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Tamoxifen and fatty liver disease

Hi All- I was diagnosed with breast cancer two years ago and I've been on tamoxifen for about a year and a half now. I was just diagnosed with fatty liver disease after my blood tests indicated that I have elevated liver enzymes. My doctor says that tamoxifen cannot cause fatty liver disease but the research I'm doing says otherwise. I'm wondering if anyone else has experience with this.

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Comments

  • Tomboy
    Tomboy Member Posts: 2,700
    edited March 2017

    Yes it happened to me too. Now, I haven't done tamoxifen in almost six months, and nothing else either, so I am really interested to see what my next liver imaging tests show. But I was under the impression that liver enzymes and a fatty liver were two separate things. I will have to check when I am on my own home computer, and not my nieces very slooooow ipad

  • lovetodance1
    lovetodance1 Member Posts: 15
    edited March 2017

    tamoxifen does cause fatty liver in up to 50% users..your doctor is wrong..I got fatty liver from tamoxifen as well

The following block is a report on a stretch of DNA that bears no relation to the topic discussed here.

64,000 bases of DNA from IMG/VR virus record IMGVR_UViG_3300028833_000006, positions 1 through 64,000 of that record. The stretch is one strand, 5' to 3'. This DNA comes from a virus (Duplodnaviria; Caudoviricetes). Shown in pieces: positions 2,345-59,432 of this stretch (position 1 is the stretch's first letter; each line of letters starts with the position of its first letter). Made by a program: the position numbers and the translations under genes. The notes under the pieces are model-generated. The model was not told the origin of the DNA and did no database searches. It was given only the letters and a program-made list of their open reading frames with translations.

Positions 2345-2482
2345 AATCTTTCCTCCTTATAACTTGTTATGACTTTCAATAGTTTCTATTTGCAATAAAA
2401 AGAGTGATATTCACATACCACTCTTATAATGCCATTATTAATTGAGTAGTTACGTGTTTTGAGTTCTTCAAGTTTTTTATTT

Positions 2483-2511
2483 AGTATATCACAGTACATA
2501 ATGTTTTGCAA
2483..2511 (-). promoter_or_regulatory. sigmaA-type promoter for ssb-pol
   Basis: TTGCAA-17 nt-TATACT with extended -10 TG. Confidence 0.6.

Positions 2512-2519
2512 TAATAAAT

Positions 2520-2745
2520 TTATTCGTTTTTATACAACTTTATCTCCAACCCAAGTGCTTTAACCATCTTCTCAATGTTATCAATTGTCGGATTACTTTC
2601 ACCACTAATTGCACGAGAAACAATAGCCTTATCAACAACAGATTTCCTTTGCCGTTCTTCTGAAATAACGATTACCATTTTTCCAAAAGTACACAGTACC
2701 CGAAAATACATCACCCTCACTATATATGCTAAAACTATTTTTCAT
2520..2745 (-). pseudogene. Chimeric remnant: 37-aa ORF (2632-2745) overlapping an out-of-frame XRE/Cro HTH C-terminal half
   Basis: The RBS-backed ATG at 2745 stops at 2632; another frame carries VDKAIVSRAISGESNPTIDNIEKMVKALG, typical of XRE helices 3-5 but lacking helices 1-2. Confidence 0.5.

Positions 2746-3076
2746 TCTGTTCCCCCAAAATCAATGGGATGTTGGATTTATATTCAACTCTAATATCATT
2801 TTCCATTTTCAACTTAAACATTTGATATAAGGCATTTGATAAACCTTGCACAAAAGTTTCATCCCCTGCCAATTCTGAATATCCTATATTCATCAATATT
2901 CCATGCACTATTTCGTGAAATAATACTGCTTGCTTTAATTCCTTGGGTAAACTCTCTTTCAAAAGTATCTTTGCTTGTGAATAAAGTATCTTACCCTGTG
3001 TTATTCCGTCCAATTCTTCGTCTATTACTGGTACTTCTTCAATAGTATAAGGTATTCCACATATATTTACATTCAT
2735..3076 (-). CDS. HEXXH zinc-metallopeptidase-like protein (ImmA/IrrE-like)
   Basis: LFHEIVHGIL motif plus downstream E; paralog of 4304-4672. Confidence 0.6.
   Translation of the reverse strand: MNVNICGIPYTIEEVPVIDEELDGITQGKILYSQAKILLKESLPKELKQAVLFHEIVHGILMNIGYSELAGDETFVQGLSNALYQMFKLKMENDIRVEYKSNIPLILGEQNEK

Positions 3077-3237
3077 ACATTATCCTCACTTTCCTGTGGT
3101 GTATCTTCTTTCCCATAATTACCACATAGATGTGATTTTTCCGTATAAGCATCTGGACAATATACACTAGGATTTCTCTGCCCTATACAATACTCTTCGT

• Sjacobs146
    Sjacobs146 Member Posts: 155
    edited March 2017

    my liver enzymes were elevated when I was on Tamoxifen, but I had fatty liver before that. Started Arimidex in Dec, waiting to see if liver enzymes improve during my next physical

  • aussie12
    aussie12 Member Posts: 421
    edited April 2017

    I've been on tamoxifen for 5 years and my last CT about 3 months ago said that I have fatty liver. From what I read tamoxifen does give you fatty liver.

  • solfeo
    solfeo Member Posts: 253
    edited April 2017

    I do think tamoxifen can cause fatty liver, but my liver enzymes have actually gone down on tamoxifen from mid-normal range to low-normal. And I take twice as much tamoxifen as most women (40mg/day).